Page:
Best Inflatable Tent: Reviews, Comparisons, and Buying Guide

With the rise in popularity of inflatable tents, has the accompanying hype been all blown out of proportion? Find out what they have to offer, and a selection of our favorite models, in our best inflatable tent reviews.

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Best Air Tents for Fuss-Free and Cozy Camping Trips

Looking for the Best Inflatable Tent?

You’re in the right place! In this guide, we will be covering the following:

    • Why you need an inflatable camping tent
    • What you should consider when buying an air tent
    • Reviews of the top air beam tents on the market
    • Our unbiased recommendation on the #1 air tent

Once ridiculed by “serious” campers and traditionalists as a passing fad, inflatable tents are now more popular than ever. And it’s easy to understand why. Not only are they easier to pitch and repair than traditional tents, but many are also better performers in suboptimal weather.

If you’ve never owned one, choosing the best inflatable tent for your needs can be a tricky business. To help you out, we’ve put together a list of the best models on the market this year. Below our individual reviews, you’ll also find detailed buying advice so you know what features and attributes to look for (and to avoid) when weighing up the options.

Best Airbeam Tents by Category

Budget: Moose Outdoors 4-Person
2-Person: Heimplanet Cave and Heimplanet Fistral
Family Tents: Quechua 6-Person, Coleman Meadowood, and Heimplanet Mavericks

Editor’s Choice

Coleman Meadowood Air

Coleman Unisex's Inflatable Meadowood, air 4 Persons, Family Tent with 2 Extra Large Dark Sleeping compartments and Vestibule, Quick to Set up, incl. Pump, Waterproof WS 4,000 mm, Grey

What does it take to scoop the award of ‘Best Inflatable Tent’? When testing the options, our scorecards singled out several must-have attributes, including roominess, solid waterproofing, easy setup, livability, ventilation, and convenience-enhancing “bonus” features. This Coleman tent ticks all of those boxes.

The Meadowood offers a generous 55 square feet of living space and has a lofty peak height of 75 inches. This means there’s plenty of room for four adult sleepers and that you’ll be able to walk around inside without hunching. There’s also a huge vestibule for gear storage and a “rack” of pockets for smaller items you want to keep off the floor.

On top of reinforced, puncture-proof air chambers and 4,000mm waterproof fabrics, value-adding features like dark room technology, multiple air vents, and a wealth of interior storage options seal the deal.

Bottom Line: A spacious, waterproof, high-quality shelter that trumps the best of the rest in every important metric.

At a Glance: Inflatable Tents for Camping Quick Recommendations

  • Editor’s Choice:  Coleman Meadowood Air Tent 4-Person
    “One of the most well-made and thought-out tents we’ve ever had the pleasure of sleeping in.”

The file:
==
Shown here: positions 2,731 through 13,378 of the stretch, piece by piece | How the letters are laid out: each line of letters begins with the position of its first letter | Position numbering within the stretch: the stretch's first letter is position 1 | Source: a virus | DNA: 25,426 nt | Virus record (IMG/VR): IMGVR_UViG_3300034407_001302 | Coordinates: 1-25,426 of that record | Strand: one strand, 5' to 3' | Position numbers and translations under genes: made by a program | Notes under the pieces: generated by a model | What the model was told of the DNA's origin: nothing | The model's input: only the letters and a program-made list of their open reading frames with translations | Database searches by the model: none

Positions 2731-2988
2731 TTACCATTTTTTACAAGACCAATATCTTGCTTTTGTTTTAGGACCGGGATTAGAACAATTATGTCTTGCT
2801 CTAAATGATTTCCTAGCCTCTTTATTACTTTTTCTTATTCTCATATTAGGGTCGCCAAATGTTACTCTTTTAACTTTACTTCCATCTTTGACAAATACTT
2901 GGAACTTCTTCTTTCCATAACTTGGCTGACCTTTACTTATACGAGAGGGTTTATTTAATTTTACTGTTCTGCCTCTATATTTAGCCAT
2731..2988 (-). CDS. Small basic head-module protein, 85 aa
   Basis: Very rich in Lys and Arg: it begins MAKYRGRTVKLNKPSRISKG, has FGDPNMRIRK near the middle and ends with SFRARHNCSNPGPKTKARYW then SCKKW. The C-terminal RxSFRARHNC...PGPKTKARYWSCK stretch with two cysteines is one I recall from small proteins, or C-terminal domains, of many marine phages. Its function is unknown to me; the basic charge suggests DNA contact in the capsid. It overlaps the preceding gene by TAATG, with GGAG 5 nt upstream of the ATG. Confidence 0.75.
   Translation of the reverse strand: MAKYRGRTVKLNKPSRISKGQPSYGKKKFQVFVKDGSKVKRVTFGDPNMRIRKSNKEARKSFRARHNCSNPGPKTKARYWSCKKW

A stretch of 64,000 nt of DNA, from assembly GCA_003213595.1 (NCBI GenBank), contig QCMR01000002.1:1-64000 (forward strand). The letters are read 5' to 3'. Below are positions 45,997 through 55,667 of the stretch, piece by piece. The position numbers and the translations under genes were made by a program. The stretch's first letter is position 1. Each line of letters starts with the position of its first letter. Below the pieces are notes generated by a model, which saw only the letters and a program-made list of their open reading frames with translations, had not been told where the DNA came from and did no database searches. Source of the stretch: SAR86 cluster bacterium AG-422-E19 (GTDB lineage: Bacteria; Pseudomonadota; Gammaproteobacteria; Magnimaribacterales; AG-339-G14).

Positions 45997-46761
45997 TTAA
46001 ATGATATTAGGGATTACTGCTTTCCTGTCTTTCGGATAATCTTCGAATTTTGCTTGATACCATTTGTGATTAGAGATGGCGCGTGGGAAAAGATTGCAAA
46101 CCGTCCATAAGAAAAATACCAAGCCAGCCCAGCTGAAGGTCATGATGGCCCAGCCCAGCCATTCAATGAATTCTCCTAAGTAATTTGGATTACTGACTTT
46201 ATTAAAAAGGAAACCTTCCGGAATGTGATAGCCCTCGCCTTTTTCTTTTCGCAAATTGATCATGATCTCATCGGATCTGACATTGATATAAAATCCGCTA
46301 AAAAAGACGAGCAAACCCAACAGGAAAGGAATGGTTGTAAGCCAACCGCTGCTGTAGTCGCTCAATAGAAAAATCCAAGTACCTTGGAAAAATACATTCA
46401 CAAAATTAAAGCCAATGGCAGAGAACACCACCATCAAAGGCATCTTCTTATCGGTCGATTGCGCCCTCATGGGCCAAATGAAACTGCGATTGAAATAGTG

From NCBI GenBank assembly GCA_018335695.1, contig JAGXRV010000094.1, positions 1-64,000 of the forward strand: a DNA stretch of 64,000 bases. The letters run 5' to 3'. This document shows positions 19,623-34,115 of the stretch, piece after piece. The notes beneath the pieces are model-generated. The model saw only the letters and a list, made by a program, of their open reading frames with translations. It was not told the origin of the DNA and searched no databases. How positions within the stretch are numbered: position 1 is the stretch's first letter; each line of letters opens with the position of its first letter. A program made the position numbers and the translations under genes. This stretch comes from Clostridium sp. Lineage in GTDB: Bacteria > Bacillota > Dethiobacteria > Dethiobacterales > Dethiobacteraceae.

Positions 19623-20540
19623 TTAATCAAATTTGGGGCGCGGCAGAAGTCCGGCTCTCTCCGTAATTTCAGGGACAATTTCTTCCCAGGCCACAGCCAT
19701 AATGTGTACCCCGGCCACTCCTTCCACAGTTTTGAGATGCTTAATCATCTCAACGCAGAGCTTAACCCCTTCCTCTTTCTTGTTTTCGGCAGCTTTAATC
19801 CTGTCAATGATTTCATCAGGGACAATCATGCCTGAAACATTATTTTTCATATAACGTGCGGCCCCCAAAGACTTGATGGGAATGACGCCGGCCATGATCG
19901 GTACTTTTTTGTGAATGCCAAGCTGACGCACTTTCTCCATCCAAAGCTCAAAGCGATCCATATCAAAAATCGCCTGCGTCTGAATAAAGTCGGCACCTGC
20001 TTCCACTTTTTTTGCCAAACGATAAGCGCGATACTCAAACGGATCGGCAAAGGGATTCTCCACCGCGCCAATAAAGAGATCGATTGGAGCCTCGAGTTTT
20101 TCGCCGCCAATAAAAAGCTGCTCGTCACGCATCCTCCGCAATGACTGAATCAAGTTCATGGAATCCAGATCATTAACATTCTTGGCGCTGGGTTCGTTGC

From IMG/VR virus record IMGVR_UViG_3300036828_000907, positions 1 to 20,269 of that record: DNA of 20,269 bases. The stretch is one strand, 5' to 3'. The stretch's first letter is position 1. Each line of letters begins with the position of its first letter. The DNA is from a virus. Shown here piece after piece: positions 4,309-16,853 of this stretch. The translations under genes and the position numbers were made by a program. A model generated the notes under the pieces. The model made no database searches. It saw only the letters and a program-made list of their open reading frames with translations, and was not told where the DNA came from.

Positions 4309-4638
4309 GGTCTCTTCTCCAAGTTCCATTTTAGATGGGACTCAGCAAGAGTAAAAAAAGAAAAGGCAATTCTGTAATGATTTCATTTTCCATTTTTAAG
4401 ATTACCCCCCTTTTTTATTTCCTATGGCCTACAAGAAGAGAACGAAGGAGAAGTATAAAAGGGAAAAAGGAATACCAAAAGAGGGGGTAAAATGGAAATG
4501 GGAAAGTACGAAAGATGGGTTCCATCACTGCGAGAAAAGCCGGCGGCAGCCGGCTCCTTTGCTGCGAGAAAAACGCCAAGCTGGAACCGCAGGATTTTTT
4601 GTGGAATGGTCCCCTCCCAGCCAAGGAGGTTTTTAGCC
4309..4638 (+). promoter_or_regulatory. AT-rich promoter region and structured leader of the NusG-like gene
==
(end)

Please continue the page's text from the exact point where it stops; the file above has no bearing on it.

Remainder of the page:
• Best Lightweight:  Heimplanet Fistral
    “Tipping the scales at just 5.5 lbs., this is the only model on our list we’d be happy to use on a backpacking trip.”
  • Best Budget:  Moose Outdoors 4-Person Tent
    “A decent little tent at a remarkably low price point.”
  • Runner Up:  Heimplanet Cave 2/3-Person Dome Tent
    “While twice as heavy as the Fistral, this one offers a lot more living space and is an even better performer in wild weather.”
  • Best for Billionaires (Premium Pick):  Heimplanet Original Mavericks
    “Huge, highly weatherproof, tough, and expertly designed.”
  • Best for Liveability:  Quechua 6-Person Inflatable Family Tent
    “Combines a huge living area with an oversized vestibule resulting in awesome liveability.”
  • Wildcard Entry:  Vango Odyssey Air 500
    “Scores highly in every important metric and is one of the most livable air tents out there.”

Best Inflatable Camping Tent: Reviews of Our Top 7 Picks

Coleman Meadowood Air Tent 4-Person

Editor’s Choice

Floor space: Sleeping compartment – 63 ft.², Vestibule – 55 ft.² ⸱ Height: 75” ⸱ Weight: 20.9 pounds

This four-person tent is one of the pricier options on our list. Nevertheless, it’s a great pick for families who have a lot of extra camping gear or just enjoy a little extra space.

In addition to a roomy sleeping compartment (63 ft.²) that can comfortably accommodate four adult sleepers, it boasts a giant 55 ft.² vestibule area that could host another 3-4 sleepers or be used as a dining area, storage garage, or chill-out area for bug-free evening card games.

The Meadowood is one of the most waterproof tents on our list, boasting a waterproof rating of 4,000mm. It also has a UV Guard 50+ sun protection rating, multiple vents to boost airflow, and uses “dark room” technology to keep the tent interior cool in warm weather and let you sleep long past sunrise in the morning.

While a little trickier to set up than other options on our list, the Meadowood can be transformed from packed to pitched in six or seven minutes if you have a strong pump arm!

  • PROs

    • Repair kit included
    • 4,000mm waterproof rating
    • UV Guard 50+
    • Blackout bedrooms
    • Huge vestibule
    • Great peak height (6’3”)
  • CONs

    • Pricey

Bottom-Line: A roomy 4-person shelter with a great peak height and “dark room” technology that cools the interior and allows you to continue your good night’s sleep long after sunrise.

Heimplanet Fistral

Best Lightweight

Floor space: 45 ft.² ⸱ Height: 44” ⸱Weight: 5.5 pounds

If you’re in the market for a super-study tent that’s light enough to take backpacking but comfortable enough for car camping, the Heimplanet Fistral is an excellent pick.

There’s a lot to love about the Fistral, but we particularly like its two-layer design and two-layer air poles. While the former makes it breathable and highly water-resistant, the latter makes the structure virtually puncture-proof.

The inner layer is a 40D, 210T ripstop nylon fabric which is covered by a 100% polyester 40D, 240T ripstop rain fly. The rainfly has a waterproof rating of 2,500mm, so it’s a safe bet even in torrential rain.